Chichester, Wiley:1996. ISBN 0-471-96330-5/ 0-471-95292-3.
Phil Mollon, a psychoanalytic psychotherapist has written a clear and concise book about trauma and dissociation. Together with the book’s title, the dedication, ‘To the broken ones and to all who are committed to a healing science’, both summarises the book’s content and outlines the readership for whom the book is designed. The content of each of the eleven chapters is outlined in the contents’ pages and a summary concludes each chapter. The writing style is easily understood and, importantly for those like me with fading eyesight, the print is large, the page layout is spacious and there are no mathematical graphs!
Centring the origins of his concept of dissociation on Freud’s theories of repression and denial, Winnicott’s theories of the true and false self and Janet’s concept of dissociation, Mollon draws on integrative approaches in the work with such clients. Stating that respect for the client’s autonomy is paramount, Mollon issues clear advice to psychotherapists who work with dissociative disorders. He warns against attempting to recover lost memory, about the dangers of fostering false memory and of retraumatization in the therapeutic alliance. He writes that the ‘goal of therapy is the healing of mental or behavioural disorders not the unearthing of traumatic history’ (p.7) At the core of Mollon’s approach is the reassuringly familiar person-centred therapeutic relationship. He stresses that work with clients suffering from dissociative disorders necessitates listening receptively, responding thoughtfully and treading very gently and slowly. I say reassuringly because it is this approach which connects the therapeutic approach of the Integrative and Humanistic therapist with this author’s insightful book on Dissociative Indentity Disorders.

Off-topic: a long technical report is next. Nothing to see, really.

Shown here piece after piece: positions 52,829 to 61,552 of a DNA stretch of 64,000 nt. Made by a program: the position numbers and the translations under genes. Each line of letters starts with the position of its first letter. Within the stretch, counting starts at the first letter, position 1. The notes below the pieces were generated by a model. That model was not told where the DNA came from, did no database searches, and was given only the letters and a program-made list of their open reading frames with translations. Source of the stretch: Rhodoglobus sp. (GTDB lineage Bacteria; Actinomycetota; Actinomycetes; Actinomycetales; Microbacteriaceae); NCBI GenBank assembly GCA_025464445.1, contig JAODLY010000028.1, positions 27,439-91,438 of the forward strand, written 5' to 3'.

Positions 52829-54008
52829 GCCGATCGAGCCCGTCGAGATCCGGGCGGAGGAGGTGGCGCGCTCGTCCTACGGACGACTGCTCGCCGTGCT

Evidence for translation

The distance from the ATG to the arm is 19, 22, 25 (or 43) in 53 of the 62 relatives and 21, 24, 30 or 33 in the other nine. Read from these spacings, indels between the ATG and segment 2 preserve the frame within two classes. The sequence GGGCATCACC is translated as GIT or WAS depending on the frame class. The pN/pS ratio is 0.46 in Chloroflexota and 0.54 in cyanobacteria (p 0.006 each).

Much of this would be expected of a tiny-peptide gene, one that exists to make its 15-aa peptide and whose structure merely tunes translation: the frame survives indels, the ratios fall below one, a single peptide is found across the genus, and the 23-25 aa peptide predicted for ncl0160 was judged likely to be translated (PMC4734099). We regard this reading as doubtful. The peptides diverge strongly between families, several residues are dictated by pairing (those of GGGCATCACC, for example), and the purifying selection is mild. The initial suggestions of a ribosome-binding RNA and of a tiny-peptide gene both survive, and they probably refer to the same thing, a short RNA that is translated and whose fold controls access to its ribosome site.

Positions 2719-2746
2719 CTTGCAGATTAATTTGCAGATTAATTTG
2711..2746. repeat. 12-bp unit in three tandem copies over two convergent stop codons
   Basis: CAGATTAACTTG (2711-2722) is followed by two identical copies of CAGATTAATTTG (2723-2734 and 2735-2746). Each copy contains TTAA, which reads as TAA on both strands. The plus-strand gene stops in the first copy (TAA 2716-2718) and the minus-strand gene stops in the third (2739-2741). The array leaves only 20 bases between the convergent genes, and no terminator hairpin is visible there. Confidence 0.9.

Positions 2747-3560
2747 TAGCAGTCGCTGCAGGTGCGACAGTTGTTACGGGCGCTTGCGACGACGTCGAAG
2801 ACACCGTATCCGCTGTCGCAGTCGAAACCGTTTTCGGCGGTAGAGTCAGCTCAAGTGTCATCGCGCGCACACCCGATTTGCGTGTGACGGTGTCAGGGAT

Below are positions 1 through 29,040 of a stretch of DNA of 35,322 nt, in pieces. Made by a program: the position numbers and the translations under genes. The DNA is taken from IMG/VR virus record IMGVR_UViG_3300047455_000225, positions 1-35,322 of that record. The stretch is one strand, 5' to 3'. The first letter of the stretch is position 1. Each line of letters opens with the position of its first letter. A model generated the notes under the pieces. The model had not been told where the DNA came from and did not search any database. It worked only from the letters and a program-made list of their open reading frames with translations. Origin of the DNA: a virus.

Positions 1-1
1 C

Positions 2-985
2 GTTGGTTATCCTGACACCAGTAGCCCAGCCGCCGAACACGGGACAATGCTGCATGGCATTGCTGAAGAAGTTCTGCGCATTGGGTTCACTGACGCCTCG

Multiple Personality Disorder (MPD) has been recently renamed as Dissociative Identity Disorder (DID). However, Mollon consistently refers to both conditions simultaneously as MPD/DID. There is no indication which term is more commonly used, or by whom. Furthermore I am unclear as to whether there is indeed any distinction between these terms or why the label MPD needed to be changed to DID. Be that as it may and so that there is no confusion, Mollon wisely uses the terms together. It is this clarity of thought which distinguishes this book. Carefully conceived case studies illustrate each topic as the author discusses the effects of trauma on the client’s internal and external object relations. Chapters about considerations in the therapeutic alliance, body memory and the efficacy of varying therapeutic techniques lead the reader to the final chapter.
Entitled ‘Reflections on Evil. The Mystery of Deep Perversion’, Mollon considers the nature of evil, pornography, child sexual abuse and satanic rituals. This is a courageous chapter because of the difficulty which many readers have in acknowledging the existence of evil. Few will deny that sexual deviants who commit heinous and perverse crimes are in our midst. But many have difficulty accepting that some may be motivated by evil. Profiling ‘the evil one’(p.177), and acknowledging the possibility of a paranormal influence, Mollon concludes, ‘Evil appears to be an active component of mental life and not merely and absence of good. The source of evil is obscure’ (p.184).
Rather than leave the reader with haunting images of ugliness, Mollon returns to the more familiar environment of the therapeutic relationship. Stressing the two-fold function of the therapist as the provider of empathy and a ‘global workspace’ (p.186), Mollon ends by suggesting that an understanding of dissociative disorders helps the therapist to ‘tolerate and last out the work while the healing process runs its course’ (p.187). This is an essential and eminently readable book for all practitioners.
Mary de Courcy works in private practice and currently serves on the Governing Body of IAHIP.